Exclusive-Panama to ban First Quantum from mining copper during the closing process

By Valentine Hilaire and Elida Moreno

PANAMA CITY (Reuters) – Panama will ban First Quantum from extracting copper during the closure of the mine it was banned from operating last year, Trade Minister Jorge Rivera Staff told Reuters, adding that new ways must be found found to finance the mine. the closure of mine.

Miners around the world tend to continue mining during shutdown processes because they use those profits to finance shutdowns, but such a move is off the table in the case of Cobre Panama, Rivera Staff said in an interview Thursday.

The decision to strip Canada’s First Quantum of its contract, which accounted for about 40% of sales last year, came amid nationwide protests that also led to authorities banning all metal mining operations.

“There are two alternatives to finance the closing process. One is that the company will pay for it if it continues to handle the shutdown, and another is that the government will have to pay for it. Where should the funds come from? That’s part of the discussions we’re having,” Rivera Staff said.

Panamanians will go to the polls to elect a new president on May 5, meaning the next government will likely decide who will pay the estimated $800 million to close the mine.

Panama last year ordered the closure of the Cobre Panama mine, which accounted for about 1% of global copper production, after a Supreme Court ruling that declared the contract unconstitutional.

Traders and investors are closely watching the election results to see if a new government can bring mining back, but Rivera Staff said it could be months or even years before there would be any change in Panamanians’ current strong opposition to mining.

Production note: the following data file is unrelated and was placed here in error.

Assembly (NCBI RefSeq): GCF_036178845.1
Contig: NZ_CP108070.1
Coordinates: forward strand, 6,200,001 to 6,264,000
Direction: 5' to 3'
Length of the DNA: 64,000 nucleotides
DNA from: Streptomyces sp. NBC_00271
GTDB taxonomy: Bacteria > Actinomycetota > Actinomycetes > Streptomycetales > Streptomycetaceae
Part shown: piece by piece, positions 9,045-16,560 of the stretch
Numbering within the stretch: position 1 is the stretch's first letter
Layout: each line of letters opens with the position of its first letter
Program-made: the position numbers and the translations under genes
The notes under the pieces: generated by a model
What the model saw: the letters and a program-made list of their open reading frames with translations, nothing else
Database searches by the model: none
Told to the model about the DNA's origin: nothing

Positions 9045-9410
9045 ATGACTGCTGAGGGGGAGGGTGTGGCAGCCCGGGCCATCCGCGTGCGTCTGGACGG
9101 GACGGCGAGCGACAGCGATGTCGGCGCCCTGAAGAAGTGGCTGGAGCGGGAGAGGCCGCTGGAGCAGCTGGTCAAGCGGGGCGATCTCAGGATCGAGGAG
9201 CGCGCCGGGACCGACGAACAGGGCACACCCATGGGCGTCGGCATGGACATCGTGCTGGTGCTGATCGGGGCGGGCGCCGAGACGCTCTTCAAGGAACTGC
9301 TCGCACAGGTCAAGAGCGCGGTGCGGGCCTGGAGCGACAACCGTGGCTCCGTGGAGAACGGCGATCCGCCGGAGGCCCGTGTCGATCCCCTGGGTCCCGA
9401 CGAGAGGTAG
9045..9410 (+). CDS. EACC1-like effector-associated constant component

The trade minister invited all eight of the country’s presidential candidates to talks on the Cobre Panama mine closure plan, but only the teams of three participated. The others argued there wasn’t enough room in their schedules, Rivera Staff said.

Panama and the Canadian miner are working together to draw up a plan – to be made public in the next two weeks – to put the mine into ‘care and maintenance mode’ while details of its final closure are ironed out, said Rivera Staff.

Current plans call for First Quantum to handle the closure process, but the country could choose an alternative if better terms are offered, the minister said, adding that the closure is expected to last at least eight years.

Another sticking point between Panama and First Quantum centers on the owner of the 121,000 tons of copper concentrate stored at the mine.

First Quantum said last week it believed it could win after the election, but Rivera Staff said the government had yet to decide who owns it.

Panama is trying to determine whether the copper concentrate, worth about $200 million, was mined before or after the ruling invalidating the contract, Staff said.

First Quantum has opened one commercial arbitration proceeding against Panama over the void contract, but another four arbitrations, focusing on investments, are in the first phase.

Mandatory pre-arbitration discussions have ended in at least two of the cases, Rivera Staff said, although First Quantum has yet to go further.

“I imagine they are waiting to see what happens in Sunday’s election,” he said.

Rating agencies have warned that the Panamanian economy could be seriously hit if the country loses one or more of the arbitrations and has to pay hefty fines.

(Reporting by Valentine Hilaire and Elida Moreno; Editing by Christian Plumb and Deepa Babington)